The appliance of science

Google has teamed up with academics in an effort to create a more systematic approach to web feature deprecation.

Deprecation involves publicly flagging a feature that has become obsolete or otherwise undesirable, warning developers that support for the technology will be removed in the near future.

Handled correctly, deprecation can help ease the transition away from a soon-to-be-dropped feature towards alternative technologies.

If handled badly, though, deprecation may result in frustration for both users and developers – developers might have to adapt their code, while users suffer due to resultant breakage or withdrawn support. Therefore, product maintainers must be careful in deciding how to carry it out.

Google has teamed up with computer scientists from the University of California, San Diego, to take a closer look at the practicalities of web feature deprecation, with particular reference to Chrome.

Six pack

Deprecation of APIs (or API behaviors) created by browsers (aka web features) happens for a variety of reasons.

Technologies need to be dropped if feature experiments fail, security problems arise, or new and better APIs are introduced, for example.

Broadly speaking, the reasons for deprecation in Chrome fall into six different categories: security flaws, updated specifications or standards, dropping an experimental web feature that was never standardized, cleaning up the user experience, sorting out buggy or inconsistent implementations, and exorcising technologies that have been removed from a specification or standard.

In 2014 there were 91 new features implemented in the Chrome browser – in 2015, that number had nearly doubled to 161.

While these new APIs spur innovation, feature removal is a necessary part of a healthy web ecosystem, in much the same way that pruning the branches of trees creates stronger and healthier plants over the long term.

Historically, Chrome deprecations have been driven by two data sources – user metrics analysis and the HTTP Archive.

The HTTP Archive is a public dataset that tracks how the widely visited sites on the internet are implemented, including whether a particular website uses a specific web feature.

Google and researchers from the university argue that basing decisions on these sources are not always effective.

For example, in 2017 Chrome decided to disallow videos from auto-playing with audio on web pages, in order to stop advertisements from being automatically served.

However, this change also affected internet-based games that relied on the auto-play functionality to work, breaking the games as a result.

The impact was so severe that the Chrome team were obliged to postpone deprecating auto-play.

This incident also resulted in a public outcry that risked alienating a portion of Chrome’s userbase – something Google is obviously keen to avoid, hence the drive to find a better way through the appliance of science.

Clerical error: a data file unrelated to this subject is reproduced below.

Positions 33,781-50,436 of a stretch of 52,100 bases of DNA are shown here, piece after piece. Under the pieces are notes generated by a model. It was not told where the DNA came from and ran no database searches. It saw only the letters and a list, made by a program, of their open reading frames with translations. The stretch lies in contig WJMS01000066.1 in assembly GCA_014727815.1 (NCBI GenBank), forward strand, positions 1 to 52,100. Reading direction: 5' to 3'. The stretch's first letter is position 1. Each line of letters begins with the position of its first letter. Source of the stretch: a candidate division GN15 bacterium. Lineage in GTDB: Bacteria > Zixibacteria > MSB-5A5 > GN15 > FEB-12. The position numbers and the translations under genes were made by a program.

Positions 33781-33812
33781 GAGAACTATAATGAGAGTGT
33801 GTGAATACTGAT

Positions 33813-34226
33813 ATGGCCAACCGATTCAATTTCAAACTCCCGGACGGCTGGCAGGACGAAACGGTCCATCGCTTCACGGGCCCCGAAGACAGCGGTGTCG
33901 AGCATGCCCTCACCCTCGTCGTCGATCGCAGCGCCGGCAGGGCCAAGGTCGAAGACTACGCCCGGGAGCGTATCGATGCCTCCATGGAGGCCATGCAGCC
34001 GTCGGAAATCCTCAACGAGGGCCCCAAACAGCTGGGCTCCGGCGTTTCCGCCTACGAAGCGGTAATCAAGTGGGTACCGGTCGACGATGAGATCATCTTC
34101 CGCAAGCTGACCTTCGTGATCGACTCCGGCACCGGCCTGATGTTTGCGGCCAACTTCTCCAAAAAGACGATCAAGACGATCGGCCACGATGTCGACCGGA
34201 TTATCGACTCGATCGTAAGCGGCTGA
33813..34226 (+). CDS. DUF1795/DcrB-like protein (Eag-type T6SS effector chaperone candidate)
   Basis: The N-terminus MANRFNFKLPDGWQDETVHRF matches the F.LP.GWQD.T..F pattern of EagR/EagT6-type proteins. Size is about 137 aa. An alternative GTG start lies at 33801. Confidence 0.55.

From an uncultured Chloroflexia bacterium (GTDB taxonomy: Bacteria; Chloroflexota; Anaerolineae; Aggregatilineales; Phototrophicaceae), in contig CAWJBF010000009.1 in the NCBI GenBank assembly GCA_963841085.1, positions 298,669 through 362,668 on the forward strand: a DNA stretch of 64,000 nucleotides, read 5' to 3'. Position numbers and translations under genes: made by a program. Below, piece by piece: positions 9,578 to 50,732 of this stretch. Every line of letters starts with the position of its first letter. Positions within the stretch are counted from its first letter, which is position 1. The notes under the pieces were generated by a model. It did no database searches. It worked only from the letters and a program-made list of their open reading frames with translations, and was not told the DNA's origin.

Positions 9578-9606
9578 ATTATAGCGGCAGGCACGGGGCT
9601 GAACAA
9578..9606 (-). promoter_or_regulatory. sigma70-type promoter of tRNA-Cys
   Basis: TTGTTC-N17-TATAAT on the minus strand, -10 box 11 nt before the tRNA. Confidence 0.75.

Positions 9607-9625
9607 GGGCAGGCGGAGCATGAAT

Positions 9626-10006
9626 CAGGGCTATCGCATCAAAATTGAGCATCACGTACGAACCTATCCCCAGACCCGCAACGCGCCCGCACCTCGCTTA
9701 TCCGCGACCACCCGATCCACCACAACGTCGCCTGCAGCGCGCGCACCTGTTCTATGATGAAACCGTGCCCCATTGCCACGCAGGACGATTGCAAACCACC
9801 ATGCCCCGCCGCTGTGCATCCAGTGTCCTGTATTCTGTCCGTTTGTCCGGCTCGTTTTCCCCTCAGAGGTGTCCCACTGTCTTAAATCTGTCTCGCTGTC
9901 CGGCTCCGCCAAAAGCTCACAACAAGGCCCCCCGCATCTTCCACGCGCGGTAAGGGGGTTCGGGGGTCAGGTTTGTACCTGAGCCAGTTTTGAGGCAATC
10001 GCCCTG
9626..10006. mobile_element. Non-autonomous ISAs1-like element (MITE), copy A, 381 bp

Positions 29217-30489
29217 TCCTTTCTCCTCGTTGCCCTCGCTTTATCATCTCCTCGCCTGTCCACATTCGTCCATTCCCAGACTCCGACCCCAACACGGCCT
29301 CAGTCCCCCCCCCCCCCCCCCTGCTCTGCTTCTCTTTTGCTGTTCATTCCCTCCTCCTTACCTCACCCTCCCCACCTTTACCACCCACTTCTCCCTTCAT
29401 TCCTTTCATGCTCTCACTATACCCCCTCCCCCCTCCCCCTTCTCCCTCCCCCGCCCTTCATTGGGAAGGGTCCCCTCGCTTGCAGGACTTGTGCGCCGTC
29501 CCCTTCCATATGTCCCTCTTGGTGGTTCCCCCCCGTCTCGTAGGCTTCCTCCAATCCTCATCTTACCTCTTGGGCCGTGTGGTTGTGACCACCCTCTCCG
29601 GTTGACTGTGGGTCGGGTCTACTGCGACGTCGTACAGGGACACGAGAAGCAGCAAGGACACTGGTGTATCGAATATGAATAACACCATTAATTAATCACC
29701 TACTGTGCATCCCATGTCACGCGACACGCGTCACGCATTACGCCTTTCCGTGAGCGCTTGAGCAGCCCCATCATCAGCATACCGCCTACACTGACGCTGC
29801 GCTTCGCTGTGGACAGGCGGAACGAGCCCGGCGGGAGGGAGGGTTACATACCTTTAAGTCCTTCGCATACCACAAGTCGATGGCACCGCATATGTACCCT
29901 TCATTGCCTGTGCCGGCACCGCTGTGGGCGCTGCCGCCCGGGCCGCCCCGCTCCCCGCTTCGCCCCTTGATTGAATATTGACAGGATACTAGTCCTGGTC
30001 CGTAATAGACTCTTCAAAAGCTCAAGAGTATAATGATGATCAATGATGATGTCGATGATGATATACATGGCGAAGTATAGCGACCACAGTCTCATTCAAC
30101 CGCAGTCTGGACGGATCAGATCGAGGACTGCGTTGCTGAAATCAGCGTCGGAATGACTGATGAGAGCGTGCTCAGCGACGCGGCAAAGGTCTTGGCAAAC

Running the numbers

In the recent study, Google classified two and a half years of web feature deprecations in Chrome. Its empirical analysis revealed that different categories of features should be treated independently.

The exercise looked at various metrics related to deprecated web features and grappled with the challenges faced during the process.

It found that competing interests are at play. A key challenge in deprecating features is balancing the costs to developers in continuing to support legacy technologies with the impact on users and progress on the web.

Many browsers already have procedures and protocols in place to ensure that a deprecation does not cause too much pain, typically based on usage metrics.

Google has now come up with a new set of guidelines for deciding when it is safe to deprecate, plus an accompanying tool for determining whether a web feature meets these guidelines.

The work is summarized in a white paper entitled “Web Feature Deprecation: A Case Study for Chrome” (pdf). The research was presented last month's International Conference for Software Engineering, Software Engineering in Practice (ICSE SEIP) in Montreal, Canada.

Ariana Mirian, a PhD student at the University of California, San Diego, and co-author of the paper, told The Daily Swig that the research had application beyond the field of browser development.

“In the paper, we do discuss how this methodology could be generalized to other areas of software engineering as well,” Mirian explained. “I could see it being useful for other browsers, though I’m sure each browser will run into their own trials with setting up this data driven pipeline for web feature deprecation.”

“In terms of general lessons, we found that a metric or two isn’t enough to paint the entire picture of a web feature deprecation. Instead, we needed to think about what we were trying to measure (user pain and developer pain) and how we could expand our insights using data to see more of the picture; this aspect of the project is also generalizable to other areas,” she added.

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